When the President decided to open up federal funding for research on already existing human embryonic stem cell lines, just about everybody was unhappy. Researchers and patient advocates were unhappy, because this will limit the available research if these already existing cell lines don’t work out. The supply just might not meet the research demand. Pro-life groups were unhappy, including myself, because the decision implicitly approves of the destruction of the embryos used to create these ES cell lines. They will cost researchers at least $5,000 per cell line. Therefore, to purchase them for research indirectly supports their creation. Since both sides are unhappy, it was probably a good political decision even if it was not the right decision.

We certainly haven’t heard the end of this debate. Members of Congress are already positioning to strengthen or weaken the ban by law. Either way, the policy of the United States has clearly stated that innocent human life can be sacrificed without its consent, if the common good is deemed significant enough to warrant its destruction. I fully believe that this is a dangerous precedent that we will come to regret, if not now, then decades into the future. The long predicted ethical slippery slope from the abortion decision continues to threaten and gobble up the weak, the voiceless, and the defenseless of our society.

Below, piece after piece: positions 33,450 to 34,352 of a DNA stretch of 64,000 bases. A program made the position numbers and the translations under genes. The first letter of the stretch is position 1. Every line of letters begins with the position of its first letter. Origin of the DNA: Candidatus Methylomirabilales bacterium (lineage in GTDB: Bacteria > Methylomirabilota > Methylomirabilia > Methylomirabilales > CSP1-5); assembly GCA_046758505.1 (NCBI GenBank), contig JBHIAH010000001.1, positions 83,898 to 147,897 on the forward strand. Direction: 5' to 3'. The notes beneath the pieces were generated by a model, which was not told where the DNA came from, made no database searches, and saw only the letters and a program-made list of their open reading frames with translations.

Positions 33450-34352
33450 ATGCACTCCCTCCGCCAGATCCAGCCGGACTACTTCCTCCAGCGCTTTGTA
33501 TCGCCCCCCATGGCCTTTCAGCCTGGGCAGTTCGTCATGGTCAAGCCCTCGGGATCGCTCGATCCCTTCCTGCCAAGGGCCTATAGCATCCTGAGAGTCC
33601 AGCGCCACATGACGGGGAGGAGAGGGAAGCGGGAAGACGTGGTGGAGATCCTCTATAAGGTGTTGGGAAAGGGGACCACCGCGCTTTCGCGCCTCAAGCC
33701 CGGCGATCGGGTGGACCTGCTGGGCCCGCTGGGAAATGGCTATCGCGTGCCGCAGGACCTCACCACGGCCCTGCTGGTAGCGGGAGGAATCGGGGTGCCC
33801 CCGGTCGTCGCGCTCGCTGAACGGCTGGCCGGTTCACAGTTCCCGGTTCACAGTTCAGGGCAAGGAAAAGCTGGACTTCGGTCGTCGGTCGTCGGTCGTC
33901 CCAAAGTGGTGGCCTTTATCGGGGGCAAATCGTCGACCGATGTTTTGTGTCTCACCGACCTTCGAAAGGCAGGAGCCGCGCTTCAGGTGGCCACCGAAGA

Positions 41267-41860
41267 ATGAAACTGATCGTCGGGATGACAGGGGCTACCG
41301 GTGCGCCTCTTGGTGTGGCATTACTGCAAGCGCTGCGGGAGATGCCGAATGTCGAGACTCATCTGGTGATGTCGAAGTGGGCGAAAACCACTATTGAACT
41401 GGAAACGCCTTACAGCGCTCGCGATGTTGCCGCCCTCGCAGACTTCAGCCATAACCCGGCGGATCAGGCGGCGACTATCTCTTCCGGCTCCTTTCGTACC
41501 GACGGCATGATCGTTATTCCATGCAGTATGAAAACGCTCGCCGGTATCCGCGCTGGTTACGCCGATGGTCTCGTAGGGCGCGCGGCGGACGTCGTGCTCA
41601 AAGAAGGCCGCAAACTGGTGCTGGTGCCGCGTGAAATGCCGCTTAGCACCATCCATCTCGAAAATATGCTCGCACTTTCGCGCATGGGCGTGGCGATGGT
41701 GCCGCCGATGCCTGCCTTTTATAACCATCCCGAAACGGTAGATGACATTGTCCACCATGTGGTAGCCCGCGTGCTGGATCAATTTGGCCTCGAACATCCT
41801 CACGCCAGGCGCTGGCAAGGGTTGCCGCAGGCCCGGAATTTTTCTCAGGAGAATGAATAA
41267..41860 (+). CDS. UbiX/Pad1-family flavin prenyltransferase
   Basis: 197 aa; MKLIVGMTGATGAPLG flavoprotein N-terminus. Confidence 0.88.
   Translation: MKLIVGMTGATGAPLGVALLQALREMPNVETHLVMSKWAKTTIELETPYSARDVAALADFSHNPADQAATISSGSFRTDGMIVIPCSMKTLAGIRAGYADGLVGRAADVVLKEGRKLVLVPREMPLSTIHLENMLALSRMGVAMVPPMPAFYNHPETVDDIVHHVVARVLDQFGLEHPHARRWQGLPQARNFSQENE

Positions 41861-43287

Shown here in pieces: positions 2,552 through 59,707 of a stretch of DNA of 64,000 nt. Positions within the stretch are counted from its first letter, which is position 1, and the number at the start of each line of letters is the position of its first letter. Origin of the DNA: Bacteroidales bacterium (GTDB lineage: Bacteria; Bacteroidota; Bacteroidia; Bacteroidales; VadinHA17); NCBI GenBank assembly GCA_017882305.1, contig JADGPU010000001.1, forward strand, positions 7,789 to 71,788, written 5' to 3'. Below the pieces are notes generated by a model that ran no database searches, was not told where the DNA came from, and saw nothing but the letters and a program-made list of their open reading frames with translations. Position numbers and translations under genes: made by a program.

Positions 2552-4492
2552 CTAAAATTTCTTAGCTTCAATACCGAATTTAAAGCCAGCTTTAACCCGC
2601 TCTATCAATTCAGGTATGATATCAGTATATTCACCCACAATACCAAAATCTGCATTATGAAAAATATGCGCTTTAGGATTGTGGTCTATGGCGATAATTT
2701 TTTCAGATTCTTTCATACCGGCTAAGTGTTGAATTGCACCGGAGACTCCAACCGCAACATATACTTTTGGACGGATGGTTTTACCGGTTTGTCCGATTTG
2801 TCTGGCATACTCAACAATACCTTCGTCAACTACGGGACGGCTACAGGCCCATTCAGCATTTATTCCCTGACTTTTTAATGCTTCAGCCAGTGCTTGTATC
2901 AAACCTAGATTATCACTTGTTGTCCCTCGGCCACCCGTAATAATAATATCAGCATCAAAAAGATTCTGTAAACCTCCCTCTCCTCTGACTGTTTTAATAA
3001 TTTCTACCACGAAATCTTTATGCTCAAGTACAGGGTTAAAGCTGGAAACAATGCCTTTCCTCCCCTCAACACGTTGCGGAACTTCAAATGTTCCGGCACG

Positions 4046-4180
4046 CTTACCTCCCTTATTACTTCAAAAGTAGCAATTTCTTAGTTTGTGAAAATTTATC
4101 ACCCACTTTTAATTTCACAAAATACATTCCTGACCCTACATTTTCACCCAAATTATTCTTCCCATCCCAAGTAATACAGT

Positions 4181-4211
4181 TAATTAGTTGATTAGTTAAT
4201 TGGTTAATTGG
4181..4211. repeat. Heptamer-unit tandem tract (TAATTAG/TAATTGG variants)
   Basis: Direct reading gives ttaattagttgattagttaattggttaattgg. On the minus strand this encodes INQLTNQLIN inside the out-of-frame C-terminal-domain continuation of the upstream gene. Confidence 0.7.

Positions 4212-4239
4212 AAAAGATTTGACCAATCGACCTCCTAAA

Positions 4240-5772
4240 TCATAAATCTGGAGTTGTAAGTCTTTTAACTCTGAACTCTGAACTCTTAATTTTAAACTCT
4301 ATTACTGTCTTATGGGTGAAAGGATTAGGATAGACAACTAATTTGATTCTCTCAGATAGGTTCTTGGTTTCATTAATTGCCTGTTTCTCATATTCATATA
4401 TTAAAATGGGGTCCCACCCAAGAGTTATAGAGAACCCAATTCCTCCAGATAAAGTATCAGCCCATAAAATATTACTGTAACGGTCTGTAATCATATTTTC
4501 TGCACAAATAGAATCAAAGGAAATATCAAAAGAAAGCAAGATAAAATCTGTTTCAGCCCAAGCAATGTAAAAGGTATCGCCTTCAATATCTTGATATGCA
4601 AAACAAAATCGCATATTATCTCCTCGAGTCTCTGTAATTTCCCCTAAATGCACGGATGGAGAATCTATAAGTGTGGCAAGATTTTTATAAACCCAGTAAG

What has alarmed me the most since the President’s decision is the full assault in the media by scientists to gain even greater access to more human embryonic stem cells, regardless of how they are produced. The ethical question virtually dropped from the radar screen as scientists debated whether the existing cell lines would be enough.